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What is Gas Gangrene & How is it Treated?|Symptoms, Risk Factors, Complications of Gas Gangrene

Gangrene refers to a condition described as tissue death. Derived from word ‘gangraena’ which in Latin refers to ‘eating sore,’ this condition first came into recognized during World War. This condition occurs when an open wound gets contaminated by Clostridium Perfringes bacterium. Normally, production of gas also accompanies gangrene and is referred to as called Gas gangrene. This is a form of wet gangrene and is far more serious than the dry type of gangrene.

What is Gas Gangrene?

Clostridium perfringes is a gram positive, rod shaped anaerobic bacterium. It normally inhabits the soil and the intestines of the humans and animals. It is the most common etiological agent for gas gangrene. Hence, gas gangrene is also called as Clostridial myonecrosis. It spreads fast and is life threatening. In addition, it is caused by other Clostridium species and by both, group A Streptococci and Staphylococcus aureus.

Gas gangrene can occur anywhere on the body, but most commonly it affects the arms and the legs. The infection occurs when wounds caused due to surgery or injury gets exposed to these bacteria. The anaerobic conditions in the body allow this bacterium to grow and release exotoxins which act on the cells, tissues and blood vessels and cause their destruction. It affects the oxygen distribution to the part of the body since it leads to destruction of blood vessels and leads to gas formation. Thus, gas gangrene causes muscle tissue death (or myconecrosis), gas production and sepsis.

Symptoms of Gas Gangrene

The symptoms develop within 6 to 48 hours after infection. The symptoms of gas gangrene include:

  • The affected wound area is inflamed and appears as swollen along with pain.
  • The affected skin becomes pale and has black blisters which have offensive smell.
  • Gas production under skin
  • Increased heart rate
  • Fever
  • Jaundice.

All these symptoms of gas gangrene develop quickly to cause tissue death.

Risk Factors of Gas Gangrene

Certain injuries have a high risk of causing gas gangrene. These include:

  • Injuries of the muscle
  • Deep wounds
  • Wounds contaminated with soil or stools of farm animals
  • Frost bites
  • Open fractures
  • Burns.

In addition people suffering from diabetes, atherosclerosis and colon cancer also have an increased risk of having gas gangrene.

Diagnosis of Gas Gangrene

The doctor performs physical examination and suggests various diagnostic tests like:

  • Bacterial culture to detect the presence of Clostridium perfringes or other causative agents
  • Blood tests
  • X-ray to visualize tissues and detect the presence of gas
  • MRI scan.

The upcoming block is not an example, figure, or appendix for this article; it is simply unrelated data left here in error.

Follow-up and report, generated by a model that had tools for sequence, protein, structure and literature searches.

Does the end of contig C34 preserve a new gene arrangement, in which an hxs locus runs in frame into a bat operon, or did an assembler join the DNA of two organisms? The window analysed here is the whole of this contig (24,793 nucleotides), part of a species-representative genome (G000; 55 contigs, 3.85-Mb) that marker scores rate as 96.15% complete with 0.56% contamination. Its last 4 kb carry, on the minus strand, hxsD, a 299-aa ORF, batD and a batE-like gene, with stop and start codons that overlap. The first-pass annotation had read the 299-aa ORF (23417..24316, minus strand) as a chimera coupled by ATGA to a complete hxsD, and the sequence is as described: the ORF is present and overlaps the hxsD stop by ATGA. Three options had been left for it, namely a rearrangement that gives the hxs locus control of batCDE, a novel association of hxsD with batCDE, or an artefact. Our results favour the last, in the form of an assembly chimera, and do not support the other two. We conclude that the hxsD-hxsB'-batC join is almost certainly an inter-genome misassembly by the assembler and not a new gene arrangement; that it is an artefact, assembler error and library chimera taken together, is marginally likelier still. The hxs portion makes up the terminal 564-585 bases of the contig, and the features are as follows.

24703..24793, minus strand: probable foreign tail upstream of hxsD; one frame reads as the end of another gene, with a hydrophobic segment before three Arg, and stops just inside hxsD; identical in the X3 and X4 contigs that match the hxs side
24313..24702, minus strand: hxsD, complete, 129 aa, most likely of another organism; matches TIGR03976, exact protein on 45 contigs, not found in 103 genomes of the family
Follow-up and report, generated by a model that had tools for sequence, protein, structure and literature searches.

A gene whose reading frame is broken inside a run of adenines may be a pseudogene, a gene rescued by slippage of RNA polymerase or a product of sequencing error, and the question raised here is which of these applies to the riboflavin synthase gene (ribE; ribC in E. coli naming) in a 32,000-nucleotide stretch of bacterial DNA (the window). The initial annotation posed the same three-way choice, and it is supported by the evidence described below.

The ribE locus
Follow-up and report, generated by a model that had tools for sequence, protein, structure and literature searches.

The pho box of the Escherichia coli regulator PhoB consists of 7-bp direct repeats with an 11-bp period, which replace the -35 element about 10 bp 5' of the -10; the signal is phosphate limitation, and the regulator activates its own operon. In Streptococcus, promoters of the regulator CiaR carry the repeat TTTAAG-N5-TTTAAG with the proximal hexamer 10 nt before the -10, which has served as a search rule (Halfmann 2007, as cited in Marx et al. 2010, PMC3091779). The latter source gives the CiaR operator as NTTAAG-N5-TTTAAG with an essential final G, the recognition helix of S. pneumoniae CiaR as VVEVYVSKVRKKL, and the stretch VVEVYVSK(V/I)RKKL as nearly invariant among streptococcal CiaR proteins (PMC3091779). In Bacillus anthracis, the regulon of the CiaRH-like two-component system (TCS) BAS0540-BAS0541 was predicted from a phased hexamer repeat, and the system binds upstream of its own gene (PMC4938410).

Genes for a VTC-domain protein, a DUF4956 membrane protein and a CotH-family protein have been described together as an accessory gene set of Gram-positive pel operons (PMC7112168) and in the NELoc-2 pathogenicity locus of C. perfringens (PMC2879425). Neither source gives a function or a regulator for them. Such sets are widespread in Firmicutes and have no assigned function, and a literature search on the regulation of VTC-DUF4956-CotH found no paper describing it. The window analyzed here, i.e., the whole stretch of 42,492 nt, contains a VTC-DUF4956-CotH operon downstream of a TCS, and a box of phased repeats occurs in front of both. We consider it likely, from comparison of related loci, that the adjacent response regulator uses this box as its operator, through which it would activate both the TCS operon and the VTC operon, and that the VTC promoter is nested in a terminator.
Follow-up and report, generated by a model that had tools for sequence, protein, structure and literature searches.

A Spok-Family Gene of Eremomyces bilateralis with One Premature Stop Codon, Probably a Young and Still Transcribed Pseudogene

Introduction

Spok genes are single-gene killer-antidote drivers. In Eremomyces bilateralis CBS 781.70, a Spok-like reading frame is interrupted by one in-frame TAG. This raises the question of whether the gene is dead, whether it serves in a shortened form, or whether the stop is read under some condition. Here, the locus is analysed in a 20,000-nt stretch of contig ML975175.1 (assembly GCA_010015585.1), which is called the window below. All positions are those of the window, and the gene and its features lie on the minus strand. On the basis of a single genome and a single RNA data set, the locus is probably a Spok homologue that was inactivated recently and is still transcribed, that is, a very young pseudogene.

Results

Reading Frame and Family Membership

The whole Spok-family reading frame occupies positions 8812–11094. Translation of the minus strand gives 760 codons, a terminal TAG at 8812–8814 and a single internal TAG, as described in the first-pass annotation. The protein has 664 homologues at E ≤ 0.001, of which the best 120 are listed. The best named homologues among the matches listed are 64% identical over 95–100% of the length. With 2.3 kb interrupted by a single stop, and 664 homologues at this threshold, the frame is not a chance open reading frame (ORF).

Treatment of Gas Gangrene

The treatment of gas gangrene should be started immediately. The initial treatment for gas gangrene is with high dose of antibiotics. Clindamycin, rifampin, metronidazole and penicillin are some of the effective antibiotics.

Surgery is performed to remove the dead tissue. At times it can also involve amputation of the affected body part. After the wound heals, a prosthetic limb is fitted to replace the missing body part.

Hyperbaric treatment is also used in the treatment for gas gangrene. This therapy involves breathing pure oxygen in a pressurized chamber for 90 minutes. One needs to inhale oxygen two to three times per day. The increase in the amount of oxygen in the body, stops the growth of anaerobic bacteria and helps in rapid wound healing. The blood flow to lower extremities can be improved with Angioplasty; while, therapeutic angiogenesis allow growth of new blood vessels.

Prevention of Gas Gangrene

The ways to prevent the occurrence of gas gangrene involves:

  • Use of sterile instruments during surgery for treatment of the soldiers on warfront
  • Taking care of the open wounds and maintain hygiene
  • One should have healthy diet
  • Avoid smoking and drinking
  • Controlling of blood sugar is necessary. Besides, any wounds especially foot lesions, should be treated immediately.

Complications of Gas Gangrene

One should not delay the treatment as the symptoms develop rapidly. If neglected, gas gangrene can lead to:

  • Shock
  • Permanent tissue damage
  • Liver damage
  • Kidney failure
  • Coma
  • Death due to infection.
  • It becomes a life threatening condition within 48 hours of the onset of the symptoms.


Gas gangrene still exists and needs urgent attention since it carries a very high mortality rate. The mortality rate increases in individuals with spontaneous gas gangrene and in whom treatment is delayed.


  1. Stevens DL, Bryant AE. Clostridial Gas Gangrene: A Review. JAMA. 2019;321(8):772-781. doi:10.1001/jama.2019.0953
  2. Brien WW, Myers LL, Gugala Z, et al. Clostridial Gas Gangrene: A Comprehensive Review. J Am Coll Surg. 2015;221(2):468-474. doi:10.1016/j.jamcollsurg.2015.04.027
  3. Awad MM, Bryant AE, Stevens DL, Rood JI. Virulence Studies on Chromosomal Alpha-toxin and Theta-toxin Mutants Constructed by Allelic Exchange Provide Genetic Evidence for the Essential Role of Alpha-toxin in Clostridium perfringens-Mediated Gas Gangrene. Mol Microbiol. 1995;15(2):191-202. doi:10.1111/j.1365-2958.1995.tb02242.x
  4. Shreiner AB, Kao JY, Young VB. The gut microbiome in health and in disease. Curr Opin Gastroenterol. 2015;31(1):69-75. doi:10.1097/MOG.0000000000000139
  5. Choi HJ, Lee HB, Park YS, et al. Clinical characteristics of patients with Clostridium septicum bacteremia: a case-control study. Korean J Intern Med. 2018;33(1):147-154. doi:10.3904/kjim.2016.394

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Team PainAssist
Team PainAssist
Written, Edited or Reviewed By: Team PainAssist, Pain Assist Inc. This article does not provide medical advice. See disclaimer
Last Modified On:August 1, 2023

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